You’ve heard it before: Shelby Park, one of the poorest neighborhoods in the city, has one thing going for it, and that’s the park itself, with a swimming pool and a library. Both the pool and the library are always full of kids, low-income minority kids, mostly. But the city decides that they have to close some libraries, and they say that Shelby Park doesn’t produce enough business, quantified by the number of books that are being checked out. It doesn’t matter that the library is always full of kids, they’re not checking out enough books.

But don’t worry, they say, we will build you another library, and we’ll even put the name ‘Shelby Park’ in the title. Sure, it’s too far to walk to, it’s in a whole other neighborhood, but you can ride the bus, right, all you little kids? All these years later, they still call it the “Highland/Shelby Park Branch.” As if.

Well, a few years later, the Board of Education decides to take the park itself, to build a school there. But don’t worry, they say. We’ll let the neighborhood use the gym from time to time. This plan was foiled, by the way, by some good organizing of a broad diversity of neighbors, but even more by someone’s brilliant idea to tie the campaign to save the park into the fact that it is an Olmsted Park, designed by Frederick Law Olmsted, who also designed Central Park in New York City. Hoity toity. Had it not been an Olmsted Park, it would now be a school instead. But don’t worry, they would have let the neighborhood kids use the gym. Once a week, once a month, a couple times of year, maybe.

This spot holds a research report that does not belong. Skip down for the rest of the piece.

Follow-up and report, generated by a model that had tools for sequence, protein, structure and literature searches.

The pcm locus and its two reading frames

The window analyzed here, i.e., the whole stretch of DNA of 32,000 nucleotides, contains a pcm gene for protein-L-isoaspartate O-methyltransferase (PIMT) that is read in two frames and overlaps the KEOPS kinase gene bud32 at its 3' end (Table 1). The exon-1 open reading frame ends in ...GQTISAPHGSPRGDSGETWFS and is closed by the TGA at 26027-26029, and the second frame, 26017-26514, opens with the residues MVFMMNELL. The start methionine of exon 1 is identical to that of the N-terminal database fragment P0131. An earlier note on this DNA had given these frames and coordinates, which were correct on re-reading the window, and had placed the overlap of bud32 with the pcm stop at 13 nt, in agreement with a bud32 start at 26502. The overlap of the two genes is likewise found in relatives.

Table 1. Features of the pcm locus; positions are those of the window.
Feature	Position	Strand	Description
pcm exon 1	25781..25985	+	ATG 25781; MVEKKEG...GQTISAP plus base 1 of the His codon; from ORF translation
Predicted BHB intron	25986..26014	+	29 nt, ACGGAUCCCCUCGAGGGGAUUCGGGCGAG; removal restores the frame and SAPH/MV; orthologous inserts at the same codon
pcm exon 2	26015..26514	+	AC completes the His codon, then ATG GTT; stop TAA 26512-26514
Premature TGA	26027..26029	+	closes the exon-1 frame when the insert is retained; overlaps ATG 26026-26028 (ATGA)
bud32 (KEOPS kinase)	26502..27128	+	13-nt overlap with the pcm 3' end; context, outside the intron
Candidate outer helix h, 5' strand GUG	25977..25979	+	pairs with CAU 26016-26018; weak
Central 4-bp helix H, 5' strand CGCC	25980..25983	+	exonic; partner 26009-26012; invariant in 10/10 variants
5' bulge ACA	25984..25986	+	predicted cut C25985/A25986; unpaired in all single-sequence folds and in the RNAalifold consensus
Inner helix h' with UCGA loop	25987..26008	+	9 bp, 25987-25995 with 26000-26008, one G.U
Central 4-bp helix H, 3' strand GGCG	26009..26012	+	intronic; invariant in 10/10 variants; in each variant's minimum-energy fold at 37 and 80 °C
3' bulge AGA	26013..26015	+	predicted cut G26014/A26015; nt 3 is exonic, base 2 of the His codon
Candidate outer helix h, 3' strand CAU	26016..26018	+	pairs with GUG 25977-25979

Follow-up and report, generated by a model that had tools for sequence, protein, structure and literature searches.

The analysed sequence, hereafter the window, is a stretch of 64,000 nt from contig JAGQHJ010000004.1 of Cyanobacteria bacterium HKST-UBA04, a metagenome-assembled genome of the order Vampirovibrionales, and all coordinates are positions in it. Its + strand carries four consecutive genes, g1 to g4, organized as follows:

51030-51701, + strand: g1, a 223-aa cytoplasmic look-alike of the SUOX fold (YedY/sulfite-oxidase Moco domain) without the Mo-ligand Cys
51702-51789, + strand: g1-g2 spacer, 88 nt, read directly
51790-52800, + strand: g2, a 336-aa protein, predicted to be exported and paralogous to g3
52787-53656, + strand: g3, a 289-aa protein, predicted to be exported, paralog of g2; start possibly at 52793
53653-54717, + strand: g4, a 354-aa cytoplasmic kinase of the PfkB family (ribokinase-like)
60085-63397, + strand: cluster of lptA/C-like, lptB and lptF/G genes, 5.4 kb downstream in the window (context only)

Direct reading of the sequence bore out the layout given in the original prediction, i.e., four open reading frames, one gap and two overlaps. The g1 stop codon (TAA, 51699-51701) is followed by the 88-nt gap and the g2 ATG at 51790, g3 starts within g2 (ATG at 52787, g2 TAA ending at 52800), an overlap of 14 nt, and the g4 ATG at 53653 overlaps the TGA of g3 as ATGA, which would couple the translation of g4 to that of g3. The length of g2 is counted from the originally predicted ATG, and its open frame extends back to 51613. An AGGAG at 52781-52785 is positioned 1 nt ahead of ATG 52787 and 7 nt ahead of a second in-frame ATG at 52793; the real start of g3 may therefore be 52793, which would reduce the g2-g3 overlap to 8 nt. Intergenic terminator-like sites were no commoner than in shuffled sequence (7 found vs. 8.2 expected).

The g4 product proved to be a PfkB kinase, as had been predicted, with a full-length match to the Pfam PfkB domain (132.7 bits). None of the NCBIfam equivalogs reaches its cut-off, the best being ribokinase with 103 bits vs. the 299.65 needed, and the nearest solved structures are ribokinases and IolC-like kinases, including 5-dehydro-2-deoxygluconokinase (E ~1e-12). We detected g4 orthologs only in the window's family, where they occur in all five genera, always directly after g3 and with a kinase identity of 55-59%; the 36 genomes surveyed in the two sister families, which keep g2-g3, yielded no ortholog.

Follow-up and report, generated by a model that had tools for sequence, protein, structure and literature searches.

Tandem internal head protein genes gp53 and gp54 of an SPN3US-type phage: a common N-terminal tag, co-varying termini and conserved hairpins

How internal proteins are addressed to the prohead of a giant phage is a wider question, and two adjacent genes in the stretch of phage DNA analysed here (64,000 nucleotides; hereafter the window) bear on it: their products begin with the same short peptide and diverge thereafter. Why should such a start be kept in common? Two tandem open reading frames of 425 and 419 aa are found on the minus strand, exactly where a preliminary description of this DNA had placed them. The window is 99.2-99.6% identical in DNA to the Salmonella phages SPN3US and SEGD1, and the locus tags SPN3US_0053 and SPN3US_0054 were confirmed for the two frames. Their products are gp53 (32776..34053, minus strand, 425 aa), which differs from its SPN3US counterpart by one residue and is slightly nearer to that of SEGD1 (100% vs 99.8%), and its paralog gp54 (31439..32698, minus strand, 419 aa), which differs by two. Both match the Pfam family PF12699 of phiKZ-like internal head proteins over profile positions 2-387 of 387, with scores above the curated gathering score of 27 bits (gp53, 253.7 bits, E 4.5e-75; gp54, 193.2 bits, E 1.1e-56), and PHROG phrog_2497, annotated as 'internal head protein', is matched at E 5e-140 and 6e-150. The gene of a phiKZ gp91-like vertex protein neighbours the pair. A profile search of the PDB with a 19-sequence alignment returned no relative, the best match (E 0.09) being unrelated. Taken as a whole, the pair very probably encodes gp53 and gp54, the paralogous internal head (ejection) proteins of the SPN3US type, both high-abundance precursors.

A few more years go by, this time the city has its eye on the last gem that this impoverished little neighborhood holds, their swimming pool. We can’t afford so many swimming pools, they say, targeting, of course, the ones that are in low-income neighborhoods. Don’t worry, they say, after we tear down the pool, we’ll build you a splash park. Woo hoo. And they did, and it’s lovely, but you can’t swim in it.
You’ve heard the story before. Israel takes more and more land from the Palestinians, puts up walls separating the people from their places of work, from their vineyards, from their families.

After my trip there, I told you how the three adults in this one Palestinian family, who lives in Jerusalem, used to get to be able to get to work in ten minutes. Now it takes them, collectively, five hours. I told you how our Palestinian guide, Nabil, who had been with us for one week already, and was once we arrived in Jerusalem only thirty minutes away from his home, from his wife and two little daughters who lived in Bethlehem, could not go home to spend the night because he knew that he might not get back out, or that it might take so long to get through the checkpoints that he wouldn’t be back in time.